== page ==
But it does seem that sometimes the fact that characters can be fully voiced blinds designers to thinking about why they should be voiced.

    My classic example is the dialog in the original Star Wars when Obi Wan first gives Luke his lightsaber, and explains about how his father fought in the clone wars. I doubt Lucas has really thought much about what all that meant back then (fortunately), but that brief exchanged help establish the movie’s universe in the imaginations of the viewers. It wasn’t what was said (which wasn’t much), but it was how much was left unsaid with hints of a wider world.

  • Khadijah C. said,

    Hi. I’m trying to get into game development so I googled a bunch of gaming terms and came across your article “How to build a game in a week from scratch with no budget”, and I must say that was the sexiest article I’ve ever read. I looked all over that website and couldn’t find any contact info, but I found you here and just had to let you know how I felt. I know you wrote this all the way in 2005 but its just so…. no words can express the crazy happiness I feel right now. You inspire me, I swear im gonna print that article and try to do the same thing. But with 5000 hours and a game engine 🙂

  • Rampant Coyote said,

    I’d recommend starting a little smaller, as there’s an incredible amount you learn with the first game that can help you make the second (and third, and fourth, and fifth…) one better. But yes, with a game engine. 🙂 But DO IT!

  • Adamantyr said,

    My brother got the Expert Box set himself as a Christmas gift, the 1981 box set with artwork by Earl Otus. He got a photocopy of the Basic book from a friend, so he had enough for us to play with.

    I think our first game was in the Isle of Dread, I remember making a Halfling named “Caco” pronounced “CHA-koh”, which I cobbled together from something I’d heard in elementary spanish class. He also visited Castle Amber, (which my brother bought shortly thereafter) where we basically just fooled around without really getting anywhere.

    Actually, that was a theme of our first games… we were more playing around than playing. Eventually, the rings of infinite wishes and dragon riders would come out, and the whole game would collapse into a bunch of silliness.

    My brother obtained the advanced books a few years later, but he couldn’t really figure it out, even in high school. A friend’s older brother ran a “real” game in which he slaughtered the entire party at the first encounter. We really didn’t seize D&D with a whole heart again until 3rd Edition came out, over a decade later. (2nd Edition era, we were playing GURPS mostly.)

    Still, D&D has never really captured that sense of wonder and openness that Moldvay managed to convey in those first box sets. They’ve certainly tried, but it just doesn’t ring right… maybe it’s just my own personal experience, I don’t know.

  • Rampant Coyote said,

    I skipped the 2E era, too. We were mostly playing the Hero System around that time. I came back to D&D for 3rd edition as well.

    In retrospect,the only real fault I can think of with the Moldvay rules system was the alignment system. I think he was trying to get away from the good / evil thing, but instead lawful became synonymous with good and chaotic was evil. That smelled of somebody else giving him dumb marching orders he didn’t agree with. But for learning D&D – the game was otherwise really, really well done.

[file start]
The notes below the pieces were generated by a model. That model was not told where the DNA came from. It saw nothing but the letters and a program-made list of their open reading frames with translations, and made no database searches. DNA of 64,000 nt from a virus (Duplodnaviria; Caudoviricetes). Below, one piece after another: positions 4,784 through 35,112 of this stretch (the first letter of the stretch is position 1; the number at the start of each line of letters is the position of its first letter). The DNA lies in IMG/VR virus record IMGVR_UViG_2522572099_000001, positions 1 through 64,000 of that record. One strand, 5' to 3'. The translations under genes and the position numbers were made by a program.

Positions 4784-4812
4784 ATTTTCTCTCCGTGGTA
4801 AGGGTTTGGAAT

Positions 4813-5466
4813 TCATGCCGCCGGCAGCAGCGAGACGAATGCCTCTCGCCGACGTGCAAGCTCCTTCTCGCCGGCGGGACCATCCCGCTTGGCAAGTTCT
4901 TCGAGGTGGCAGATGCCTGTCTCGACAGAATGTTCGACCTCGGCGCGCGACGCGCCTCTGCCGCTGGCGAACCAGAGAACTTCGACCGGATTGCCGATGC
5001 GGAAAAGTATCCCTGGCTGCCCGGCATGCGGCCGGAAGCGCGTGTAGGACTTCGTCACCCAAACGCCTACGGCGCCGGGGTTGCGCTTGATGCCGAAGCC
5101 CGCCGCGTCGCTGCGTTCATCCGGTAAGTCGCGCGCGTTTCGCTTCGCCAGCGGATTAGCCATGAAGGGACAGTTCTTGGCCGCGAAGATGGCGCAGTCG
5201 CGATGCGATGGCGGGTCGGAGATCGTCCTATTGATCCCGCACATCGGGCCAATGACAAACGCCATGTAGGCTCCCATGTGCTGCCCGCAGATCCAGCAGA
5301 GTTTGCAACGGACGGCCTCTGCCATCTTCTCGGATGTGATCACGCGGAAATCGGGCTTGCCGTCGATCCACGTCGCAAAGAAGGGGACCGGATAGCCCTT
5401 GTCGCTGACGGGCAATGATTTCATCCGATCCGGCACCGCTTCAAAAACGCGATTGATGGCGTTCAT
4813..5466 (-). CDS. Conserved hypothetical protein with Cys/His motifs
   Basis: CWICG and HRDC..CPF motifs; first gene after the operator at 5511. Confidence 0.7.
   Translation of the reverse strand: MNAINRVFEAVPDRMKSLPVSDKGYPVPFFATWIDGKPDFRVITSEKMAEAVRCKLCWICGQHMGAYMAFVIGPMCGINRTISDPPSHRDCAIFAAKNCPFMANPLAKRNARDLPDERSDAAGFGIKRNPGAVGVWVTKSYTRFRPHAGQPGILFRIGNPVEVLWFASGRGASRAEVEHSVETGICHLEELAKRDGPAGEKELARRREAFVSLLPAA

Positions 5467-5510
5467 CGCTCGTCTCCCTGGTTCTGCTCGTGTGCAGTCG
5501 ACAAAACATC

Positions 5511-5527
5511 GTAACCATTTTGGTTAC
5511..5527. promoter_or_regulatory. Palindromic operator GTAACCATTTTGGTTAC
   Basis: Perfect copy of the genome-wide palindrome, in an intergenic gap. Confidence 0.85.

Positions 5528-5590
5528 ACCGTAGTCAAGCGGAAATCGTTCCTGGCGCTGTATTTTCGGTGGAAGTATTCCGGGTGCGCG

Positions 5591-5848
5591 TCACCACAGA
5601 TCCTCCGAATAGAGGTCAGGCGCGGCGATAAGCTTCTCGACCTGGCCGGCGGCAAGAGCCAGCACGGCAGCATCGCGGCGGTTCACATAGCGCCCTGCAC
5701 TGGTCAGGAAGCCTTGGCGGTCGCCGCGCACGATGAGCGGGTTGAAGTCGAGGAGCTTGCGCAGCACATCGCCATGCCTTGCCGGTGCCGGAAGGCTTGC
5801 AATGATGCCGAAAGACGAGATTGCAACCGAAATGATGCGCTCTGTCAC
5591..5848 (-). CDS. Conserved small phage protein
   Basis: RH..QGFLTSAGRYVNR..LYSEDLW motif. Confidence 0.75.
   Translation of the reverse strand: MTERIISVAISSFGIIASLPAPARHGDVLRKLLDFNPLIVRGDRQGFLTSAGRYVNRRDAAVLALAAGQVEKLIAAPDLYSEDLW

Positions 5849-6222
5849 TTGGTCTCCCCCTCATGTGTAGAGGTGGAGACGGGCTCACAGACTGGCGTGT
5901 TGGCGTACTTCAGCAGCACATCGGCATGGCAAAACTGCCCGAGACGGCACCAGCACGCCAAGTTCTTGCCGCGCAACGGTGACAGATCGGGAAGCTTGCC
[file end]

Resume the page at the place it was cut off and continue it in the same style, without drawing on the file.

• LateWhiteRabbit said,

    @Rampant Coyote

    You SKIPPED the 2e era? ::faints::

    I played 2e for nearly 15 years and loved the hell out of it. The only thing really stupid about it was how AC was handled. (The knowledge that it came from naval war games helped clear that up a bit. I had always wondered what the designers were smoking.)

    GURPS is good. Even if you never used their rule set, they produced some of the best books you could imagine for campaign settings.

    My favorite PnP system of all time though is Alternity, by TSR in their final dying days. Our group played all our futuristic or modern adventures using it. We loved how it encouraged roleplaying, because a pistol shot to the head was just as fatal at 1st level as it was at 20th level in Alternity. You started with a certain amount of life based off your stats and NEVER GOT ANYMORE. It worked more like real life. You could get better at aiming and shooting and dodging, etc. but if you caught a burst from a machine gun . . . funeral time.

    In D&D no player thinks twice when the DM tells them the warlord is looking angry and gripping the handle of his battle-axe. In Alternity, players start to sweat when the GM tells them the mafia boss is fingering his tommy gun – even if the Mafia boss is 10 levels beneath them. Levels in Alternity really just represent how skilled a player or NPC is likely to be – not how much life they may have or damage they may do.

  • Rampant Coyote said,

    I enjoyed the Cyberpunk game for much the same reason. Different feel – vastly different from Hero System (Cyber Hero just didn’t feel right, IMO). It’s whatever’s appropriate to the genre and flavor you are trying to simulate. If you want a story where the swashbuckling heroes take on a dozen opponents and live to tell the tale, possibly even coming out victorious in the end – that’s one rule system. If you want the kind of game where a gun pointed at a character’s head is a SERIOUS threat, that’s something else.

    I like my Cyberpunk dark and gritty. But Star Wars-esque space opera would be another story (and I’d like that too).

  • Charles said,

    Oops, missed that. I hope you had a happy birthday 🙂